Article mis à jour le / Post updated on 15 February 2022.
Visiting the Manitoba Electrical Museum has been on my bucket list for a long time, and it’s now done! I took advantage of a hot Saturday in July to finally push the doors of this little museum that deserves a visit.
The Manitoba Electrical Museum
The Manitoba Electricital Museum is organized in three rooms:
- the reception area with the machines still used today because the museum houses an electrical station;
- a permanent exhibition from the beginnings of electricity to today;
- and a temporary room in the basement which is currently hosting an exhibition on sustainable development. Do not miss the wall with biographies of all the scientists in the room at the back!
Of course, it is the permanent exhibition that deserves our attention the most.
In Winnipeg, the first light bulb was lit in 1882. At first, electricity was only used for street lights and streetcars.
And then, the first household appliances start to appear in the kitchens. The museum has a nice collection: a cooker from 1911 (which still works, on the left below!), A refrigerator from between 1927 and 1930, a sewing machine from 1909, an iron from 1908… These objects are a hundred years old but are all in perfect condition, which really makes you think about planned obsolescence.
The electrification of the province
Winnipeg was therefore electrified fairly quickly. But for the rest of the province, when it came to rural areas or First Nations, some had to wait between 1920 and 1961! It’s crazy.
In 1942 (the war put the electrification project on hold), only 1,000 of the province’s 59,000 farms were connected to the electrical network. A government plan was launched for a major campaign that would also provide jobs to people returning from the war.
To connect a village to the electricity grid, 65% of the population has to promise they would use electricity. All the means were good to convince people, and the figures speak for themselves: a kilowatt is equivalent to the force necessary to pump water for two days, to make dumbbells for five days, to carry bricks in a wheelbarrow for eight days!
On the household side, positions are created at the electricity company specifically to convince women of the improvements that electricity would bring in their kitchens. And it’s funny, it’s a radio that was the first purchase for every household, followed by an iron, a toaster and a washing machine!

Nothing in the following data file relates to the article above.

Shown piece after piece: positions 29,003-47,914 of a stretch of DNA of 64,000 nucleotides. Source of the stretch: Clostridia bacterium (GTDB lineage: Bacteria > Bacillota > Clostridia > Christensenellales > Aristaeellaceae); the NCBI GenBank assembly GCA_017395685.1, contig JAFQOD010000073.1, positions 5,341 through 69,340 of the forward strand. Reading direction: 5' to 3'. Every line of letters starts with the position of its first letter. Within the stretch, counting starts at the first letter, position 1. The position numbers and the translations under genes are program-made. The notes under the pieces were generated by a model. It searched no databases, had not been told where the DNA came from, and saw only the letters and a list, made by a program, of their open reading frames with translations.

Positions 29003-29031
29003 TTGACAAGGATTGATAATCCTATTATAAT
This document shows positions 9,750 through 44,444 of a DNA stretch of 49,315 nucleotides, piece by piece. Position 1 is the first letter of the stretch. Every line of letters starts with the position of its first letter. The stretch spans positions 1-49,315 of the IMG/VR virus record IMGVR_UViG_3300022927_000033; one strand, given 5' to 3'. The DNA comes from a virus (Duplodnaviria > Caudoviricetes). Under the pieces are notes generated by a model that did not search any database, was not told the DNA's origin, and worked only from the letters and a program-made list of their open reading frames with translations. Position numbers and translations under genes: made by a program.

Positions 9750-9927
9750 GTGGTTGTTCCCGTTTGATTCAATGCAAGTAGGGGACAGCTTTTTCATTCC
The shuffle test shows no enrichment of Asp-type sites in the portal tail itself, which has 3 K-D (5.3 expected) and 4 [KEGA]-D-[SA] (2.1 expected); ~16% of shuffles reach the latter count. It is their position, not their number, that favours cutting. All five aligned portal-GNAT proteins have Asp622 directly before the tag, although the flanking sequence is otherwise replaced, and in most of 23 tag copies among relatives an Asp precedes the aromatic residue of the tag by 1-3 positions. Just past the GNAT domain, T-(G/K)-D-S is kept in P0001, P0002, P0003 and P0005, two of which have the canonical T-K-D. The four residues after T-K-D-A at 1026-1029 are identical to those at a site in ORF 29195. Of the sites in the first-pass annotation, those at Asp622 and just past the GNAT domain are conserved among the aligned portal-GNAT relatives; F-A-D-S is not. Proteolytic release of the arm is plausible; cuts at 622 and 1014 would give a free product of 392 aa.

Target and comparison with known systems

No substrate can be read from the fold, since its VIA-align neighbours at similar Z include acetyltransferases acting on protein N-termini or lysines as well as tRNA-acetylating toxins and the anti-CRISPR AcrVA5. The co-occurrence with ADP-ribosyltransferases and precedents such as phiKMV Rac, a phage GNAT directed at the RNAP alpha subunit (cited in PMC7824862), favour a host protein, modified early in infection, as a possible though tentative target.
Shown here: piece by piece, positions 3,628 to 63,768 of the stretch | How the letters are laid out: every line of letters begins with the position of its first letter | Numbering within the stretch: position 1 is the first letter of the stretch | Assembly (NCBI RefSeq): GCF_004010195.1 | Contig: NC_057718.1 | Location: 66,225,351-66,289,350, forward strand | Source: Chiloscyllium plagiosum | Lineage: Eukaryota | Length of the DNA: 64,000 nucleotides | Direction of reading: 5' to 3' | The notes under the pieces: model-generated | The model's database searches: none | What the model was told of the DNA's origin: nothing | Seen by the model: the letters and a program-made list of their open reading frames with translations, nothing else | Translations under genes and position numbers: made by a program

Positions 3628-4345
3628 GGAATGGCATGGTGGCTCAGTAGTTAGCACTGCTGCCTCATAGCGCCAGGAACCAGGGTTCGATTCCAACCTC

In Manitoba, we have water. An old tourist slogan and license plates said it was the province of 10,000 lakes. So it makes sense that the energy produced comes from dams rather than fossil resources (there is some oil in the province but the museum does not talk about it at all)
There is plenty of information on dams, their volume, their construction (in wood! Remember that it is less than forty in winter!) And their evolution.
I also really liked the map which shows the main energy sources by province. Manitoba and Quebec are the greenest provinces in Canada.
There is nuclear power in Ontario, and Nunavut only has oil. Solar is in the Yukon, and strangely oil only accounts for 3% of energy in Alberta.
And across the country, it gives that!
The Manitoba Electrical Museum is open only two afternoons per week, Tuesday and Saturday, from 1:00 p.m. to 4:00 p.m. Allow between 1h and 1h30 for the visit depending on your pace of reading the signs!
All signs and animations are bilingual. And it is an Anglo-Saxon museum, therefore interactive!
You can find more information on the Manitoba Electrical Museum website.
More posts about things to do in Winnipeg?
– the Canadian Museum for Human Rights
– the Manitoba Electrical Museum
– the Cement Cemetery
– Back Alley Arctic, polar street-art
– the Manitoba Museum
– Winterlude, an ice-carving competition
– all the museums in Winnipeg
– the West End Murals